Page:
Imagine this: It’s the end of a terrible day. You come home, put on your favourite party playlist. In the flash of a second, you’re suddenly vibing to classic Bollywood bangers, already feeling the endorphins spike.
Hips swinging, hair swaying, it’s a private concert now, trivial worries of the day have evaporated, and there’s a pleasant warmth in your temples as you lose yourself in the intoxicating beat that reminds you that life is good again, when—Mom, ek medium pizza mein 6 pieces kyu? Kyuki hum bhi 6 hai. And a family that eats together, stays together…But what about toto?
I think every music listener has been through this and can attest to the fact that it’s one of the most annoying experiences humanly possible. Not only are the ads infuriating, they dampen the high, and they are excessive. To such an extent that they are now engraved in the walls of my mind. Wake me up at 3 am and I’ll still be able to recite every word flawlessly. Not that it’s something to be proud of.
The panacea for this? Good old money. Though most of us get away with buying a Spotify premium, it is highly impractical to assume that everyone has the privilege and will to do so. Some still get coaxed into buying the package out of peer-pressure, even if it makes a hole in their pocket. But there’s a vast group of people who stand their ground and suffer silently, knowing that a better listening experience is just a few rupees away. Or is it?
What if I tell you that you’ve been squandering your money? What if I tell you that these ads, ironically, make your listening experience better?
Hear me out. A study at NYU’s Stern school proved just this. Subjects were shown 3 types of programs: Taxi episodes, nature documentaries and Bollywood shows. Some with ads, some without. By the end, subjects who had to endure ads reported greater enjoyment. Further study proved that the results were unaffected by the quality of the ads, showing that it was the ad itself, and not the content of the ad that improved viewer experience.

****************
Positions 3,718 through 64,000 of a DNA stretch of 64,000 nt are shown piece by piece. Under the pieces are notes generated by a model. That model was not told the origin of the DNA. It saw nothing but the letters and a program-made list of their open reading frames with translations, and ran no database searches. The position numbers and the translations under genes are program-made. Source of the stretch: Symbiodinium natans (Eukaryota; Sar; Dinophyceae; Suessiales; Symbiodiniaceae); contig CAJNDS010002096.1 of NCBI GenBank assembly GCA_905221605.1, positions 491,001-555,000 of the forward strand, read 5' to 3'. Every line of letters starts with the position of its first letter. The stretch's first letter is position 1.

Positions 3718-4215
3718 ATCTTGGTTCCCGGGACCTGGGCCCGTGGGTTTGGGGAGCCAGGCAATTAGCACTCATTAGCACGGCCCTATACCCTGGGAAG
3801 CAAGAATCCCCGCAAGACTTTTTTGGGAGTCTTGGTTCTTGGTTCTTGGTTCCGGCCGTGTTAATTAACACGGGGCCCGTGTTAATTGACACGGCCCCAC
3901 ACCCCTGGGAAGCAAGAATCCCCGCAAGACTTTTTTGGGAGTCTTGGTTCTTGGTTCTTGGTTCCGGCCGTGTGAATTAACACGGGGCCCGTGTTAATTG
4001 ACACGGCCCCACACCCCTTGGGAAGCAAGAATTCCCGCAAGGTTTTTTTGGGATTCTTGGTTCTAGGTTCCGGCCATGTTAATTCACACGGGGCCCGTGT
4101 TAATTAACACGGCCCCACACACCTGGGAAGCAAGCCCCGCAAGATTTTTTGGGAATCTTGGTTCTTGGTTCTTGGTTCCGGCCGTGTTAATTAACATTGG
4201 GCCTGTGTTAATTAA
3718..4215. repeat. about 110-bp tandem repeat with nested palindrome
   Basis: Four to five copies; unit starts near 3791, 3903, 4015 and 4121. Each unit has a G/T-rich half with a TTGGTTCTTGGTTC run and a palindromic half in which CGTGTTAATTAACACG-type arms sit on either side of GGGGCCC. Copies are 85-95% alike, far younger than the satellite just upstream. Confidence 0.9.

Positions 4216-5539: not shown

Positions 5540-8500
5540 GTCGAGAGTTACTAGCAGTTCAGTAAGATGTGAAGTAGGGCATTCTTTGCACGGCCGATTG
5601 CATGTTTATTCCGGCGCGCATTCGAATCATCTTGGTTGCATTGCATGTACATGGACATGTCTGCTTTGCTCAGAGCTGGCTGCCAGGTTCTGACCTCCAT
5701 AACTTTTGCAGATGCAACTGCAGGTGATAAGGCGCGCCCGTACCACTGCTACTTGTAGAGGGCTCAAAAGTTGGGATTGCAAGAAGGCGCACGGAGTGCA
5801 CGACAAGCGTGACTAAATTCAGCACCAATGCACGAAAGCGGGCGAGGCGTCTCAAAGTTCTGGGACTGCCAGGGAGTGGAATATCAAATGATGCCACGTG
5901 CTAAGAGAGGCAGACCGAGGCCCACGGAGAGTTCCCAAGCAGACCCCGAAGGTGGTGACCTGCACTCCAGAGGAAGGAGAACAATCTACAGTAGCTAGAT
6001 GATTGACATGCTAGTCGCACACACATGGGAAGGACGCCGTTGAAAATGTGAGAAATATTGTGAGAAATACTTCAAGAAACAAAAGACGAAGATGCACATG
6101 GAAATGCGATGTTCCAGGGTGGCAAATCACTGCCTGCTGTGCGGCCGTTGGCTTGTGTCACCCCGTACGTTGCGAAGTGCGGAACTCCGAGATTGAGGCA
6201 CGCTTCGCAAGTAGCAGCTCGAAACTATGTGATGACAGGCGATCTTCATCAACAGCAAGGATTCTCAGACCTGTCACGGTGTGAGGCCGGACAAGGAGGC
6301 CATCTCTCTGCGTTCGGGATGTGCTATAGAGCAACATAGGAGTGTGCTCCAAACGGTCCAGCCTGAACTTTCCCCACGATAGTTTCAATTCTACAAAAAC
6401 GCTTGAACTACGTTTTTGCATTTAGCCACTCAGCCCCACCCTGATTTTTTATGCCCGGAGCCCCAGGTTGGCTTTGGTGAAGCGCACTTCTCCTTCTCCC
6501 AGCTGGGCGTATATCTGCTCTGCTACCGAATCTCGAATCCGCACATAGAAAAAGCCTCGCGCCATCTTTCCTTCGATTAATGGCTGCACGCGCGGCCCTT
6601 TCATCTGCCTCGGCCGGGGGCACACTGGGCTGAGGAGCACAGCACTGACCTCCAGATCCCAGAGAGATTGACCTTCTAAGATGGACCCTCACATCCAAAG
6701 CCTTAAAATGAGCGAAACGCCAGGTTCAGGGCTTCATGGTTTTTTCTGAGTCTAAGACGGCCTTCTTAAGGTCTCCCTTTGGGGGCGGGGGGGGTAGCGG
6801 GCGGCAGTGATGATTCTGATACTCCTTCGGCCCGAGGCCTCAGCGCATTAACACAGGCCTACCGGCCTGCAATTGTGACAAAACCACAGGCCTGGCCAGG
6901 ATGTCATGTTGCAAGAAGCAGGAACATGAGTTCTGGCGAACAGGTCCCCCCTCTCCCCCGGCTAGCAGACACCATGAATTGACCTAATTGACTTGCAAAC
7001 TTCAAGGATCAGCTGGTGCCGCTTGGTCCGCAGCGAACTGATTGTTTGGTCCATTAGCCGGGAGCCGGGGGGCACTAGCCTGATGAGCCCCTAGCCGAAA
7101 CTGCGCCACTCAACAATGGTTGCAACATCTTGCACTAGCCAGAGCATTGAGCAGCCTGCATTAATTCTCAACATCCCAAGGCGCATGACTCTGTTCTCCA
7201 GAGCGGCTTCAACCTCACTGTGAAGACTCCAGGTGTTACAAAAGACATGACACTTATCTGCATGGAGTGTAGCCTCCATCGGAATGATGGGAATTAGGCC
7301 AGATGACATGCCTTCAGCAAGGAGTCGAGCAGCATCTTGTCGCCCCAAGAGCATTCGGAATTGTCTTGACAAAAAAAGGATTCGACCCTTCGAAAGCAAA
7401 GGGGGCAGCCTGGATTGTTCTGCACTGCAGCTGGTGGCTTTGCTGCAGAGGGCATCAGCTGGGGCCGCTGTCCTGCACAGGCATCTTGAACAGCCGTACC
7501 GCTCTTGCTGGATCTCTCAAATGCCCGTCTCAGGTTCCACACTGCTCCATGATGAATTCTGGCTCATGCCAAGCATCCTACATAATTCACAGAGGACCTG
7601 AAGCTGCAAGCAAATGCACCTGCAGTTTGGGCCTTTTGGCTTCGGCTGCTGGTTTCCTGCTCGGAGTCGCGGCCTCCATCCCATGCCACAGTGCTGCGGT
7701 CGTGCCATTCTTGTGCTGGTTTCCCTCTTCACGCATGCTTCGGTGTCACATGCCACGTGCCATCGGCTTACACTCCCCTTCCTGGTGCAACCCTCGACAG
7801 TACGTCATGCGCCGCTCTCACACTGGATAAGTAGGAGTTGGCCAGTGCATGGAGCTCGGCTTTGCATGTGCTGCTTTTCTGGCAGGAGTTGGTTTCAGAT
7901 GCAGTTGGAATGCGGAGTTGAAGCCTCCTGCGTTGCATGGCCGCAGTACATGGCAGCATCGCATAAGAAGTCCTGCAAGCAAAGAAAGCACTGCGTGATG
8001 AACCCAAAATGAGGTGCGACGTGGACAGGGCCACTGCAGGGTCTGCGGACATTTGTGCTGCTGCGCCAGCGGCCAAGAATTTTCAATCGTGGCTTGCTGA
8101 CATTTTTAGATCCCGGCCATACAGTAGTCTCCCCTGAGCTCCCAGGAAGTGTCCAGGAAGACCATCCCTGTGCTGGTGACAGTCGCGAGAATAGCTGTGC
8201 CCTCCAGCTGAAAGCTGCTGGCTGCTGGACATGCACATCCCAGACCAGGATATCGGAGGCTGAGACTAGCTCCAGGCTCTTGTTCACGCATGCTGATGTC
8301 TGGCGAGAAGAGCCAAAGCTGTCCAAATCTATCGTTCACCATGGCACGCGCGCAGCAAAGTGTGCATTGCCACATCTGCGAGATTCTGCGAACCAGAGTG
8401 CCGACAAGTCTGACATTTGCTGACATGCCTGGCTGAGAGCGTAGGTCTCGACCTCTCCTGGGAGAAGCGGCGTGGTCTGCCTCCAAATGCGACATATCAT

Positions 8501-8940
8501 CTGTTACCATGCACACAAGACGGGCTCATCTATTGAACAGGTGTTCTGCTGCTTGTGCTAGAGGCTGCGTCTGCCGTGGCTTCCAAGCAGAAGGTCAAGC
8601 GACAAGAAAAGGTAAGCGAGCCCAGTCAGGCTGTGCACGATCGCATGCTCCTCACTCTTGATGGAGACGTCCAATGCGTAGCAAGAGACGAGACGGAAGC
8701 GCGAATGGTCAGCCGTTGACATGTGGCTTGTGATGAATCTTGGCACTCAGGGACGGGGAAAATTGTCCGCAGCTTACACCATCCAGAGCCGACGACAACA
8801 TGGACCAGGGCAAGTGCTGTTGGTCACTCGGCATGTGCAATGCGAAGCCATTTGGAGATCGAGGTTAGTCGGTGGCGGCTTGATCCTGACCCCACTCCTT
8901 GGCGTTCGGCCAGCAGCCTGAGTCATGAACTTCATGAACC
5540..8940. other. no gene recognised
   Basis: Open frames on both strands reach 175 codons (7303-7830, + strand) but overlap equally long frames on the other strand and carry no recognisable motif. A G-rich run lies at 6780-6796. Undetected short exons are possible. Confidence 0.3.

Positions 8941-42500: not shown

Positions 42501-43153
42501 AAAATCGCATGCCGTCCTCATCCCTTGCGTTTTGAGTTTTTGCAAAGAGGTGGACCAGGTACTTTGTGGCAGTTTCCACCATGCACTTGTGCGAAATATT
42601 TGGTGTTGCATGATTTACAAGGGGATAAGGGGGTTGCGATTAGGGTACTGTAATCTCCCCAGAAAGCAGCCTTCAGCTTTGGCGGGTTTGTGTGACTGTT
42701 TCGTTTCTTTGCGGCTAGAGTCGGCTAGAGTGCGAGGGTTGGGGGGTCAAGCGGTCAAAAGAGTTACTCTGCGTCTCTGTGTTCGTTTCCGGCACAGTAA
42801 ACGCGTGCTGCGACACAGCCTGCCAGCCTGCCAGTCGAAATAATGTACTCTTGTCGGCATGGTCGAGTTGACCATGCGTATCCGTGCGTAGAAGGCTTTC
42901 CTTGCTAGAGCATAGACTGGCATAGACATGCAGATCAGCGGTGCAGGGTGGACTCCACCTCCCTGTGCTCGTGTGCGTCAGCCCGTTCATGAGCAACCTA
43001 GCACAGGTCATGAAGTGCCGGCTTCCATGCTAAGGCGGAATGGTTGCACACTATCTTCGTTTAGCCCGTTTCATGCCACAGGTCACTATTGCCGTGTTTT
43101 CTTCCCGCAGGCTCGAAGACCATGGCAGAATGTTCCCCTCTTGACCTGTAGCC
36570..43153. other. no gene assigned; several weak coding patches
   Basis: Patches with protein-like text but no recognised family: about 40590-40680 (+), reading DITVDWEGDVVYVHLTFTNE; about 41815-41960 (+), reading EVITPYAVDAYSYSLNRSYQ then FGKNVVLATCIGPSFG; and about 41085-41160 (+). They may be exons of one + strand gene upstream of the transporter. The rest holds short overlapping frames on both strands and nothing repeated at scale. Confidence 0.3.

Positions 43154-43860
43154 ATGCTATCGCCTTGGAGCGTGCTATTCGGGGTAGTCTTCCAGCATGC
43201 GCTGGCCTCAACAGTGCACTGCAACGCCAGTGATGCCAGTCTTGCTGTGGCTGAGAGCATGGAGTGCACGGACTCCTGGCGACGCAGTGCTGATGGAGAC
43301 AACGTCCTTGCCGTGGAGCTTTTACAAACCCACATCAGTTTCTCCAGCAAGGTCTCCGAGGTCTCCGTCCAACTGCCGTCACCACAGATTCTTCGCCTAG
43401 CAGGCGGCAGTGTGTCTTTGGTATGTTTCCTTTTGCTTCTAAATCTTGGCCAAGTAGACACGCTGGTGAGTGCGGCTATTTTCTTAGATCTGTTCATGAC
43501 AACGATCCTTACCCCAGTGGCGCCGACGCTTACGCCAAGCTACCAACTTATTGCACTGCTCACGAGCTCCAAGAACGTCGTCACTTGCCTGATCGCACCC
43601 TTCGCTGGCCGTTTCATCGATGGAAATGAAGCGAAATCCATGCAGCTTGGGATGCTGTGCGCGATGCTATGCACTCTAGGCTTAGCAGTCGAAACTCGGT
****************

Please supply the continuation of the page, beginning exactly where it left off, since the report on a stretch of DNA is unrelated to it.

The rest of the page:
It seems quite ironic, doesn’t it? That you would pay extra money just to have a worse experience. But it stems from the fact that we don’t expect to enjoy interruptions, even though we eventually do end up enjoying them. But what is it about ads that gives them this potent power?
The answer: Hedonic adaptation. It’s the phenomenon behind why your new job stops making you happy after a month, why lottery winners return to their emotional baseline eventually, and why losing weight doesn’t bring eternal happiness. In simple words, it’s our tendency to adapt to a stimuli. So much so that we start to treat it with indifference.
Eating your favourite dessert might bring waves of pleasure at first, but eventually the joy diminishes. With the second and third bite, you grow accustomed to the taste. And we can all agree that the tenth bite is nowhere near as good as the first, intoxicating one.
It’s no wonder that movies and music, too, follow the same trajectory. Your favourite song may instantly lift your mood, but, played over and over again, your brain stops responding to the stimuli. Until you’re interrupted by an ad. The next song spikes up your happiness levels again, making the experience more gratifying in general.
So the next time an ad decides to cut in on your dance party or break your meditative trance, take a deep breath and thank Spotify for thwarting hedonic adaptation instead.
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